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From the 6th Annual Shorty Impact Awards

Spread the Facts

Finalist in Public Health

About this entry

Washington State was the first place that COVID-19 appeared in the U.S.  


C+C was hired by the Washington State Department of Health (DOH) on March 17, 2020 to work in partnership to develop campaign series that encouraged behaviors that could help stop the spread.  


The team developed the Spread the Facts campaign, one component of the state’s multi-faceted communications, outreach, and policy strategy to address the pandemic. In the Fall, the team added an effort to get Washingtonians ready for the COVID-19 vaccine. The campaign had  

the following goals:  


1. Flatten the curve of COVID-related deaths and illness in Washington State.  

2. Increase the number of WA adults who intend to get a COVID-19 vaccine.  

3. Drive traffic to the website.  


The campaign has included a phased approach to remain nimble to address critical messaging over time:  


Phase 1: Education about initial Stay at Home, Stay Healthy Order 

Phase 2: Address mental health by promoting healthy coping strategies 

Phase 3: Preventive behavior focus: wear masks, small gatherings and physical distancing  

Phase 4: Ongoing fast-turn customized support to Counties experiencing spikes in cases  

Vaccine: Build receptivity and intention to get a COVID-19 vaccine

Why does this entry deserve to win?

We used extensive research to create marketing plans to encourage COVID-19 preventative behaviors and increase intent to get the vaccine. The campaigns were created with messaging in mind to reach all Washingtonians. We segmented outreach to priority audiences. Our initial behavioral campaign launched in just one week, and we transcreated messaging initially into 5 languages and then into 18 languages.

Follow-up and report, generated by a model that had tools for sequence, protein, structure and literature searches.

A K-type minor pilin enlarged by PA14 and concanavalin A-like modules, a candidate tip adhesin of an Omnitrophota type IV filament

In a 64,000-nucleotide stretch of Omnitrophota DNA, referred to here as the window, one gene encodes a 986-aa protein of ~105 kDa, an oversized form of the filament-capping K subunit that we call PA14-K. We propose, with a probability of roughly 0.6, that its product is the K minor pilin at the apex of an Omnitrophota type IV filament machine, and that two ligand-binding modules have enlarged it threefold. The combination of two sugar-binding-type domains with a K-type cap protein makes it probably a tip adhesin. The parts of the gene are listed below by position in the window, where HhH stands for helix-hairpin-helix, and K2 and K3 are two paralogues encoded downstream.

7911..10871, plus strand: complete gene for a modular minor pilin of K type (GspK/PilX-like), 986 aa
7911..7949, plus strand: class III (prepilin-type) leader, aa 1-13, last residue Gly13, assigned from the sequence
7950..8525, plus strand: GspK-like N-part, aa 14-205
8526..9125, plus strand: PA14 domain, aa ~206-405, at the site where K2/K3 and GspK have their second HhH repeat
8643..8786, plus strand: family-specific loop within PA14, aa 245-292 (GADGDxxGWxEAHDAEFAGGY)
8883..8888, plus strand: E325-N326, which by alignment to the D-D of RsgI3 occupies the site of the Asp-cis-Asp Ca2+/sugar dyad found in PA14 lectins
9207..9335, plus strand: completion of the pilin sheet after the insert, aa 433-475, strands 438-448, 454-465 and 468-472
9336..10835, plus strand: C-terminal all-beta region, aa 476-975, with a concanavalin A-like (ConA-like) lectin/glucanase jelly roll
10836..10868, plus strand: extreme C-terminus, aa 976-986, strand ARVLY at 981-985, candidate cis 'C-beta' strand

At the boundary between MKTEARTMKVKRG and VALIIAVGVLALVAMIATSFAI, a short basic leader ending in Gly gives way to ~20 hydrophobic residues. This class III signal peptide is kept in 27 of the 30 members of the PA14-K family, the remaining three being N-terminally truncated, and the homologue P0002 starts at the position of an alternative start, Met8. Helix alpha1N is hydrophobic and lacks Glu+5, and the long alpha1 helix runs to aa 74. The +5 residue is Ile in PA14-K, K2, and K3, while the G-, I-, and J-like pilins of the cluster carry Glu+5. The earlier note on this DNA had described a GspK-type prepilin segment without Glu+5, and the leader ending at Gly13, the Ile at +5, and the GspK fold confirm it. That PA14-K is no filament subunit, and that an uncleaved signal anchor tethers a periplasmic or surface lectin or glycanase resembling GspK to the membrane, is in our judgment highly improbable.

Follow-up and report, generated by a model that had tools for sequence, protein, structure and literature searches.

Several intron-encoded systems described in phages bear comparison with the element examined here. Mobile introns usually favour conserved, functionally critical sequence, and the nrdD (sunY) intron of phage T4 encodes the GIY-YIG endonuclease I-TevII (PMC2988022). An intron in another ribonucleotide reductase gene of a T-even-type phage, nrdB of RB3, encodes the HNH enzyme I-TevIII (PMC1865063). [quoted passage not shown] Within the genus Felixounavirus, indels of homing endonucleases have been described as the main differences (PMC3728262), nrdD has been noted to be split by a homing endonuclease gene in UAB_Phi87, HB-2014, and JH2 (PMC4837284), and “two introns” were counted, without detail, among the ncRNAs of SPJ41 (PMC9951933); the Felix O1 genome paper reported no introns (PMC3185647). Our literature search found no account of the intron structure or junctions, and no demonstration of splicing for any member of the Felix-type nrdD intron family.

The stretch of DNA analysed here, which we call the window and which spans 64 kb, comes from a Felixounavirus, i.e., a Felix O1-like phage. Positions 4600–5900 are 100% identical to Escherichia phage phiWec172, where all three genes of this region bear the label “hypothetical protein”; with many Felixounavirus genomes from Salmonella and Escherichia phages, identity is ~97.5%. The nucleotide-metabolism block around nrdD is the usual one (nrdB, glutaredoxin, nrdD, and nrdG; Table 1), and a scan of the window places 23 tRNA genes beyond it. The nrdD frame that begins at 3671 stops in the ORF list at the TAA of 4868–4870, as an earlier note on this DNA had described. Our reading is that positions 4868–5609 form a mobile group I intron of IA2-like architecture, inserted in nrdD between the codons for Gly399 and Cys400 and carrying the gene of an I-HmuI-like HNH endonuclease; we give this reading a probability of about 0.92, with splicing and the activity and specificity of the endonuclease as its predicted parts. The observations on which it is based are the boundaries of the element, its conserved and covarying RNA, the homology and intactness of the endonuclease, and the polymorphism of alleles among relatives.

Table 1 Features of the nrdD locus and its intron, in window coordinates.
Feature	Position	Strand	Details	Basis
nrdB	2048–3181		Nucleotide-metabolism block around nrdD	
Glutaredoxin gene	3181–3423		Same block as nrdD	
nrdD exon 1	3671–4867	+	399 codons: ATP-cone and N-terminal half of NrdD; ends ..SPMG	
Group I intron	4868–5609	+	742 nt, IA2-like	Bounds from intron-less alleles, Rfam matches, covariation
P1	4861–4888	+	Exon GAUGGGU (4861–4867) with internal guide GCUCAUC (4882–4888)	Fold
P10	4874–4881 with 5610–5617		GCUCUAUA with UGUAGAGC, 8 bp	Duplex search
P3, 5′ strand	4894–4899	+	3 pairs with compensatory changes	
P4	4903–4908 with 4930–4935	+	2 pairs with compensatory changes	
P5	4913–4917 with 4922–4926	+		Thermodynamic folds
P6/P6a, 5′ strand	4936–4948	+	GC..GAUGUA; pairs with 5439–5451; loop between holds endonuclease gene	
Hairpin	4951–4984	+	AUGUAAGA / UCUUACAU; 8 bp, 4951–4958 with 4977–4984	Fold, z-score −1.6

We researched COVID-19 behaviors and the vaccine to gain insights that informed our strategy. From our research on COVID-19 behaviors we learned that most people in Washington report doing the desired behaviors of wearing a mask, staying six feet apart and gathering in small groups. We leveraged this social norm by incorporating a “thank you” strategy into the campaign. Also, people were picking and choosing which behaviors to follow. They weren’t doing them all together, thinking that doing one or two of the behaviors was enough, so we emphasized that all three key behaviors must be done together.  


One of the strongest motivators was that people want this over. People are willing to engage in behaviors that they don’t like if they believe it helps end the pandemic sooner. Therefore, we used “Not forever, but for now” more widely in the campaign to leverage this motivator. Our research also showed that young adults respond best to messaging that is personally relatable/speaks to them. We applied this information to our strategy by creating ads and messaging for young adults that spoke directly to them and acknowledged their unique challenges, including relatable visuals and voice talent. We learned that reality-based messaging is a powerful influencer of behavior for some audience segments, and that the messenger matters. Audiences responded best to local, trusted messengers. Knowing this, we created three ad concepts using reality-based messaging that focused on what it feels like to have COVID-19 and what it would be like to say goodbye to a loved one. We also used real people/local voices as messengers.